Dane Marciano, CEO of Affidaty S.p.A
Giovanni Capaccioli, R&D of Affidaty S.p.A
If in the previous article we covered the efficiency theme, underlying how “it was always thought that since it (Bitcoin and Blockchain) was born, new, better and more heterogeneous scenarios would have presented”.
One of the most unpredictable subjects is security. In the latest years, web-based ecosystems developed and consequently did the security issue, regarding the safety of the data both for the company and user side.
that’s why in the latest months and years new laws concerning data treatment have been studied, discussed and approved.
It is clear that every instrument if improperly used, may cause different degrees of harm.
That’s why this concept also applies to the digital world. The blockchain is the instrument that if misused, may lead to breaches in the national or supranational laws, that were put in place to safeguard the citizens.
What are the most common errors that could lead the blockchain to be misused by a company?
A perfect example is the personal data treatment in the case in which one wants to use the blockchain to store all the user data instead of creating a private network to store sensitive information and coupling it a “notarial” blockchain. What happens?
- The data contained inside the blockchain is tamper proof, implying the impossibility (due to its coding) to cancel the data once inserted in the shared chain.
- Blockchains are distributed and so is data control which is delegated to all participants (at most miners, which cannot be considered Data Protection Officer as required by the GDPR).
- Smart Contracts exist to be automated under the decisional profile, opening non-trivial criticalities especially if litigation is brought to court.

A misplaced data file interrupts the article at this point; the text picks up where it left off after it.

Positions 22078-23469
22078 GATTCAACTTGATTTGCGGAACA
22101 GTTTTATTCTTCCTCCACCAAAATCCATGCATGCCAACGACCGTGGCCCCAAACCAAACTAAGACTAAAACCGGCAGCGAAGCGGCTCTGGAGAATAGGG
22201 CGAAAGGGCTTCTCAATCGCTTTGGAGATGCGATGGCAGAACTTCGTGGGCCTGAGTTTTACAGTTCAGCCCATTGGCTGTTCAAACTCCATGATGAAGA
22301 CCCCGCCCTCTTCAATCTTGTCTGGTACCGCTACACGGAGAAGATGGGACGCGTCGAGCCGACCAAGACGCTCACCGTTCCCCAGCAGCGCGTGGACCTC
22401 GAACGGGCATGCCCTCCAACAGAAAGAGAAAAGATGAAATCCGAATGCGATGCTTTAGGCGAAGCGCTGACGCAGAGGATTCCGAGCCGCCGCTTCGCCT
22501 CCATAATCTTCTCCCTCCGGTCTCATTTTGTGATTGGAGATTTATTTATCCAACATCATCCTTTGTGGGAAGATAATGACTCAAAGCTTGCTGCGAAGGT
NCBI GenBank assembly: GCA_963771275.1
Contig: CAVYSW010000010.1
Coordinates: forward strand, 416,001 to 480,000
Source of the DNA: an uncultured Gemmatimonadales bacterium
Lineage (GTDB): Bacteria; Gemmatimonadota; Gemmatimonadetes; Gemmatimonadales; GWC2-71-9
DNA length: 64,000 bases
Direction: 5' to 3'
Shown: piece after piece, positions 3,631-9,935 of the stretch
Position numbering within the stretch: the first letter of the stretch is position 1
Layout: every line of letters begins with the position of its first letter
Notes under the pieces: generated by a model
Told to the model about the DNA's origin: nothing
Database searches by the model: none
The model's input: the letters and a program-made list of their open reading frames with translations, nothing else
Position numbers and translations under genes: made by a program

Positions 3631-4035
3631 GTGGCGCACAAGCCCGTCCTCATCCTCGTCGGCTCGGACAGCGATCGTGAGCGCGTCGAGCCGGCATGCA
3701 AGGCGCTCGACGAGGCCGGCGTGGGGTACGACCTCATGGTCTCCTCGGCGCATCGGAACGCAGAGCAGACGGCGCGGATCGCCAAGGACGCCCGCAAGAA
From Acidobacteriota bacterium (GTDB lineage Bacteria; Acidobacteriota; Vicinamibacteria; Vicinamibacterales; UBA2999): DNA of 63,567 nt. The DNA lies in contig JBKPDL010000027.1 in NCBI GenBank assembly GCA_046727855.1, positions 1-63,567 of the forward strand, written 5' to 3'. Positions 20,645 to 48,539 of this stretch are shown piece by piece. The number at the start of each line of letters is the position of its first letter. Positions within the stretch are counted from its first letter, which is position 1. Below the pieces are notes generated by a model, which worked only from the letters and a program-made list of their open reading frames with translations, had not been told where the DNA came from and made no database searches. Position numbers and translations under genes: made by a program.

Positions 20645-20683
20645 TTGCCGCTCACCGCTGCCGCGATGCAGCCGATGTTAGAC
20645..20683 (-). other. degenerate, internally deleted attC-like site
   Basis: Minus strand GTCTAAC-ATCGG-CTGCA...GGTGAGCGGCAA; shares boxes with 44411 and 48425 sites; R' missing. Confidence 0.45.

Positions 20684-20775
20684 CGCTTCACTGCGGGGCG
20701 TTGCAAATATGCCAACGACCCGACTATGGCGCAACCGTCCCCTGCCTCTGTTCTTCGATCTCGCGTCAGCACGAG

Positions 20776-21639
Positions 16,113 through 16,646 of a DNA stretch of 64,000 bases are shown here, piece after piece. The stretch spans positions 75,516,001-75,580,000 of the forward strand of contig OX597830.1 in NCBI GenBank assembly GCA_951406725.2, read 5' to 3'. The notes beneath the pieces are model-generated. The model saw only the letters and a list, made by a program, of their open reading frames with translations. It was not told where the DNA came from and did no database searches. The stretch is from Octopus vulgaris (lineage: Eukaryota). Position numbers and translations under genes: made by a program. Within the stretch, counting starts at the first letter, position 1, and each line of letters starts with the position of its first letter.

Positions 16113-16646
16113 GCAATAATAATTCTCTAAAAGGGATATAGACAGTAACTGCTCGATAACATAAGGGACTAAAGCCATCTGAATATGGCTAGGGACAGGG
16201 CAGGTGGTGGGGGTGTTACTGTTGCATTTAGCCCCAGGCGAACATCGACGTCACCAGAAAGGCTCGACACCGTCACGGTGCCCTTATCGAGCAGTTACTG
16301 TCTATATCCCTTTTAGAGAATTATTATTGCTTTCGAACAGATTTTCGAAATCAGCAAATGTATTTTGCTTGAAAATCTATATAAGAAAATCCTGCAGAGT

Generally, what collides with the GDPR, in this case, are two principles that defined until today value and power of the blockchain:
- the data inserted is public and accessible to everyone participates in the chain
- the data remain indefinitely stored, to secure and protect the ledger.
The GDPR can be summarized in three words: centralization, limitation and removability, or deletion. These collide with the three base concepts of blockchain: decentralization, distribution, and immutability.
as stated in previous paragraphs, the GDPR gives EU citizens exclusive rights concerning their personal data among which stand out:
- the right to deletion of personal data when these are not necessary for the scope, when the user withdraws consent or when the permanent collection is illegal.
- the right to require the correction of incorrect data
- The right to limit data elaboration when its accuracy is contested or when it is not necessary anymore.
These rights are comprehensible in a centralized database context, controlled by a single data handler with a finite set of processors. What will be the solutions that will allow the use of blockchain in these circumstances?